SJSU in the News: San Jose State Alumna Organizes “Dishcrawls” for Foodies, Restaurants

Dishcrawl: A new way to experience food

Originally published in the San Jose Mercury News April 12, 2011

By Laura Casey
Bay Area News Group

As any 20-something knows, the Golden Rule of a boozy pub crawl is to pace yourself. It’s also a good rule for Dishcrawls, the hot, social foodie event sweeping the Bay Area.

For three hours, adventurous diners stroll and nosh their way through four restaurants, sampling as much as they’d like, for the price of a $26 ticket. It’s a recipe for dietary disaster — and palate delight.

At a recent Dishcrawl in downtown Pleasanton, for example, the offerings included sweet pastries and savory bites at Bibiane Bakery, cold smoked salmon and carrot ginger soup at Nonni’s Bistro, sausage and pepperoni slices at Gay Nineties Pizza, and all-you-can eat chicken tikka masala and naan at India Garden.

By the time the 40 or so Dishcrawlers licked the final traces of curry off their lips at 10 p.m., they were practically waddling. Many were moaning about overly full bellies and insufficient self-restraint. But when faced with such temptation, what’s a foodie to do?

Every few days, a new Dishcrawl takes foodies through different culinary terrain — a vegan foray in Berkeley, for example; a stroll through San Francisco’s Mission district; or an exploration of San Jose’s eclectic delights.

For diners, it’s a chance to discover new places. For restaurants, of course, it’s an opportunity to woo and interact with future customers, says Dishcrawl founder and San Jose State grad Tracy Lee. At every stop, the chefs have a chance to talk about their creations to the gathered masses.

“When do chefs get to stand before 40 to 50 people and talk about their craft?” Lee says. “It becomes a platform for artisans to talk to the people who love their work.”

It’s not just a Bay Area phenomenon, either. There are Dishcrawls in Montreal and New York, as well. These events draw a wide range of ages, from 20-somethings to boomers. Lee says she hopes to do crawls for singles soon.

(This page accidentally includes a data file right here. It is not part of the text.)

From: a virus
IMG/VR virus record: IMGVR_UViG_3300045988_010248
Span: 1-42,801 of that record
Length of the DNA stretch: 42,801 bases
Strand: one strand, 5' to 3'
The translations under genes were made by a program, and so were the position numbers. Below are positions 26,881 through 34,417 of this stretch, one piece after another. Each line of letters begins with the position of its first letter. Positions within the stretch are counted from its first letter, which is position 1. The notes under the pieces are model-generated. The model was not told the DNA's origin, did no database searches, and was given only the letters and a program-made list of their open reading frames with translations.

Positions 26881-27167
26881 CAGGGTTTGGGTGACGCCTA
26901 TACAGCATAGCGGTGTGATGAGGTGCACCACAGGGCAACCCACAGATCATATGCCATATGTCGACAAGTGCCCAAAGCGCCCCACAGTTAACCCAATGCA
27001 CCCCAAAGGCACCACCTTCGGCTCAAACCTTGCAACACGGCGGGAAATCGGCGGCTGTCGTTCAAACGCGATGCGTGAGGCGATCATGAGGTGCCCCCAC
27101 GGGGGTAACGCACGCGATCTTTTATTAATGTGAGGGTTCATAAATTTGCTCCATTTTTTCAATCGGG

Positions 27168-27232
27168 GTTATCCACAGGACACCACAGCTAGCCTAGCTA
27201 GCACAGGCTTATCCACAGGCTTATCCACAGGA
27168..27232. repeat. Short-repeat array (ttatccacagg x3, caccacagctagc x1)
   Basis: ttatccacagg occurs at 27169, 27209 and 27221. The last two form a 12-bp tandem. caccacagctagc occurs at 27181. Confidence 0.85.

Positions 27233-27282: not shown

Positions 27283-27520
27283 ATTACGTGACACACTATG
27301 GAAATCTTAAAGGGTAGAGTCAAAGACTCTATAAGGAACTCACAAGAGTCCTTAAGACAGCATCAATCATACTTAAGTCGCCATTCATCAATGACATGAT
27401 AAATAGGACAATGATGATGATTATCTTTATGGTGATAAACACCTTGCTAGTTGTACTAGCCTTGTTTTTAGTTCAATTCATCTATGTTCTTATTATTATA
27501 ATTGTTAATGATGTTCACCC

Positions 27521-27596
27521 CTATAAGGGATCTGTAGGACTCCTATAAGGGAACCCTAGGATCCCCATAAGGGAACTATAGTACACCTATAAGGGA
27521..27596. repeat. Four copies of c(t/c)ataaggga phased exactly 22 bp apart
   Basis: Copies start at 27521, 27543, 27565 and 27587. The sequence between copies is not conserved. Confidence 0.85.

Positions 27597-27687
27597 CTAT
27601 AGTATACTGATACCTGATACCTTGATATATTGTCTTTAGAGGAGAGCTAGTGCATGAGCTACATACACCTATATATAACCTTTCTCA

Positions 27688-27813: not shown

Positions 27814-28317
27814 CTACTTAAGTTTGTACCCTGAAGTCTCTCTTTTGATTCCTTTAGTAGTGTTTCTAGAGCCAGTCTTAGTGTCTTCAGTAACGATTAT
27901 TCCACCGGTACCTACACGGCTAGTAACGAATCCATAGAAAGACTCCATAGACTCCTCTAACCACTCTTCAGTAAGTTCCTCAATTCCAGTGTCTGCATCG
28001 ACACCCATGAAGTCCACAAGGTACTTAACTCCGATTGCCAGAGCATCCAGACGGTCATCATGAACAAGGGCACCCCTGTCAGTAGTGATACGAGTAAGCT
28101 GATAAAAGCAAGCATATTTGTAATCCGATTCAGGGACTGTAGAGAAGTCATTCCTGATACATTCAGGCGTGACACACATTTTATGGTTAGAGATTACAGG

The Pleasanton event was the first in Dishcrawl’s Tri-Valley launch, which will include Dublin and Livermore events, too. On a recent Tuesday evening, several dozen hungry gourmets gathered at the rendezvous point to don Dishcrawl buttons and start sampling treats at Bibiane.

John Gilreath of Dublin noshed on a chicken salad sandwich outside the bakery, chatting with other crawlers, whom he had just met. He had read about the event online and thought it sounded like a fun way to experiment with new food.

“I like food,” he says, patting his belly. “This is perfect, because you get to try a lot of different things.”

At Nonni’s, Cynthia DeLand of Pleasanton unleashed a happy “mmmmm” as she tasted the restaurant’s signature cold-smoked salmon. She had been there before, when it was a Hawaiian restaurant, but this was her first visit to the new bistro, helmed by Icelandic chef Jon Magnusson. After sampling the salmon and dipping a spoon into the savory soup, she and her husband asked for a menu.

“I really want to try this,” she says, pointing to the goat cheese crepe on the menu. “We’ll have to come back.”

– Mountain View: A “Lunch in 60” lunchcrawl is slated for 11:30 a.m. April 19; $10.

– Oakland: No Worries will host a seven-course vegan Filipino dinner with cooking demonstrations at 7 p.m. April 19; $42.

– San Jose: Crawlers will explore restaurants on San Fernando Street at 7 p.m. April 26; $26

– Pleasanton: Dishcrawl returns to downtown Pleasanton at 7 p.m. April 28; $26.

Exact locations of the crawls are revealed two days before the event. Visit www.dishcrawl.com to learn more and to sign up for a crawl.